Posts Tagged resume

Savvy Seniors: Resume Writing- Some Things to Consider

Posted on October 3, 2013 with No Comments

KSV logo

Drafting a resume can be daunting, but if you’re not going to take the time to do it well, don’t bother at all. Competition is tough out there, so get it right.

Here are a few things to consider:

Limit the experience you include

Only include the most relevant work experience, the stuff that pertains to job your trying to get.  Each application you write should be tailored specifically to that position.

Make an impression with your verb selection

When describing work experience, choose verbs that pack a punch. Such phrases as “worked on,” or “contributed to,” won’t impress. Lead with something that allows your work to stand out like “ designed,” or “implemented.”

Typos are your worst enemy

Granted we all make mistakes, but no hiring manager is going to be impressed if your resume is ridden with spelling errors. It pins you as careless, even lazy. Take the time to check, double check and triple check your work.  And it never hurt to get a second pair of eyes to go over your stuff.

Formatting is imperative

Are your margins even? Bullets lined up? Have you included dates and headings in a consistent way? Is it easy to read and visually appealing? Be mindful of all these point. Your sloppiness will be noted.

Join us for the next Senior Workshop with special guest the HowardCenter to learn more about how to make your resume shine!


Thursday Oct. 10 12 – 1 PM, Career + Experience Hub

~Alexa Mucklow, Social Media Associate
Kelliher Samets Volk

Savvy Seniors: Top 5 Mistakes that College Seniors Make

Posted on September 12, 2013 with No Comments

Drawing a map

Welcome to your final year at UVM! Those who have gone before you have the wisdom of hindsight: knowing what they wish they had done differently.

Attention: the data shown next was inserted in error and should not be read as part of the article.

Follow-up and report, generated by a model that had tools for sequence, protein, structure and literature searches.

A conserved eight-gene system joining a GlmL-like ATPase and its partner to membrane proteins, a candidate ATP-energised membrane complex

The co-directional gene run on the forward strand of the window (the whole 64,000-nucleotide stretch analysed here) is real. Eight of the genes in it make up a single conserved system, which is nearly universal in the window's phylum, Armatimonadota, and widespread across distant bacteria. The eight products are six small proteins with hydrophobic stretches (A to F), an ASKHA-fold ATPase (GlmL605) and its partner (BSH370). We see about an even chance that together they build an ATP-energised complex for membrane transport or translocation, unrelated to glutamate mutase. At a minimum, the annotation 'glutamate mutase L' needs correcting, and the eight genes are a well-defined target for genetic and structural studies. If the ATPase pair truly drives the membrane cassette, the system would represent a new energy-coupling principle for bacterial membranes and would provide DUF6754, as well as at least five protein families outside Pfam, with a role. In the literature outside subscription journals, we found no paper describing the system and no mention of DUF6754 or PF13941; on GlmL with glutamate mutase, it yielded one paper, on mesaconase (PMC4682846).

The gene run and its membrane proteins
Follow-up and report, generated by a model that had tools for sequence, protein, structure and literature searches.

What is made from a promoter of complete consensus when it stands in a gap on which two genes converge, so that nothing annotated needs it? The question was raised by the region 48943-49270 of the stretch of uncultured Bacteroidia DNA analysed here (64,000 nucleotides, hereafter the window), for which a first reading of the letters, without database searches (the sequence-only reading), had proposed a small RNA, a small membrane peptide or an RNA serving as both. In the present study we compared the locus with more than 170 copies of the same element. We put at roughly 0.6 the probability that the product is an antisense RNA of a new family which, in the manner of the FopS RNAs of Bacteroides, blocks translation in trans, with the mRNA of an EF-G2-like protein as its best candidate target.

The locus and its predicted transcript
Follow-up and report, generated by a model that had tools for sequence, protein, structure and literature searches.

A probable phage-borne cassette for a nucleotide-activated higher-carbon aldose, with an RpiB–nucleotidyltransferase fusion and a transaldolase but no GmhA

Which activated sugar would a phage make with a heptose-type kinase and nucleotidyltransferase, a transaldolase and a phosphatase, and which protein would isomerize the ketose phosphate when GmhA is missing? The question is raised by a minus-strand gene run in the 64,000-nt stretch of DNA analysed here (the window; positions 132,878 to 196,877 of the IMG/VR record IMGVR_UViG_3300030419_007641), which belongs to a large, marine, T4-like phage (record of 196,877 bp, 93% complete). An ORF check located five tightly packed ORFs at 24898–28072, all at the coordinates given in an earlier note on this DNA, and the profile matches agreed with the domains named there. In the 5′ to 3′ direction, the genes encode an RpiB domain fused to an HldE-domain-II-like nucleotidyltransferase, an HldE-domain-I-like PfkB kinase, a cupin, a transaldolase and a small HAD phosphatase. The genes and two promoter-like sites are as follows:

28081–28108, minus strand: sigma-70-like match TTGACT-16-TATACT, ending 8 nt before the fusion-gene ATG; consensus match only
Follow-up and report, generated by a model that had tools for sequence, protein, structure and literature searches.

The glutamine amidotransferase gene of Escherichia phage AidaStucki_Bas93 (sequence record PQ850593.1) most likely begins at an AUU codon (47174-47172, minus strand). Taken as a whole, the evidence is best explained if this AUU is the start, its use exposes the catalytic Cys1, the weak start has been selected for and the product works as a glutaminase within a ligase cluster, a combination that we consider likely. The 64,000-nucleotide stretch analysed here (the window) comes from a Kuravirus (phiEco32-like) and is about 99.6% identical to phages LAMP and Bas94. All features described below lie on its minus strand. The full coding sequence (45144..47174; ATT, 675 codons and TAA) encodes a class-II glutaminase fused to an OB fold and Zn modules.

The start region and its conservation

Here are some mistakes that you can choose to avoid:

1) Waiting until March to think about what you want to do after graduation.
2) Not taking advantage of Winter Break for networking and informational interviews.
3) Not articulating your skills and strengths and just hoping that employers will magically see your potential.
4) Procrastinating on polishing your resume and sample cover letter until there’s a really good opportunity you want to apply for.
5) Not taking advantage of opportunities to continue to get career experience throughout your senior year, i.e. internships, campus leadership, volunteer etc.

Wondering how to avoid these mistakes and start your senior year off right?

Join us at Careers and Coffee, the kick-off event for a year-long career series especially for seniors! Because how you start your senior year will help determine how you finish it.

Careers and Coffee Thursday, Sept 19th, 3-6pm at the new Career + Experience Hub in the Davis Center Room 100!


Including Relevant Coursework on Your Resume

Posted on April 18, 2013 with No Comments

Futurama Fry Meme with Text- 'THIS IS RELEVANT TO MY INTERESTS'

Choosing the content for a resume can be difficult beside sections such as your name and contact information, “Education” and some form of “Relevant Experience”. A section to consider including is “Relevant Coursework” for the following reasons:

Listing rigorous classes under “Relevant Coursework” can exhibit traits such as “hardworking”, “determination, “strong work ethic” and many more that cannot be explicitly stated in a resume. Relevant Coursework describes the knowledge and extent of technical skills. Another use of this section includes filler; if you cannot quite fill up one full page for a resume, relevant coursework can help you get there.

Now, the mechanics of relevant coursework consist of formatting and placement/priority. There are two formatting options: list and bullet point. Choosing between the two is a matter of preference, but the bullet point format with two columns is usually preferred as it optimizes space and is easy to decipher. I would suggest listing between 4 to 8 relevant class titles, not course numbers since class numbers do not mean anything outside the University.

Placement or priority of a relevant coursework section should be taken seriously. The ideal location for Relevant Coursework is a separate section beneath Education or a subsection of Education, as it flows better between sections.

These are the most effective approaches for a Relevant Coursework section. I hope you feel prepared to incorporate your own Relevant Coursework section into your resume.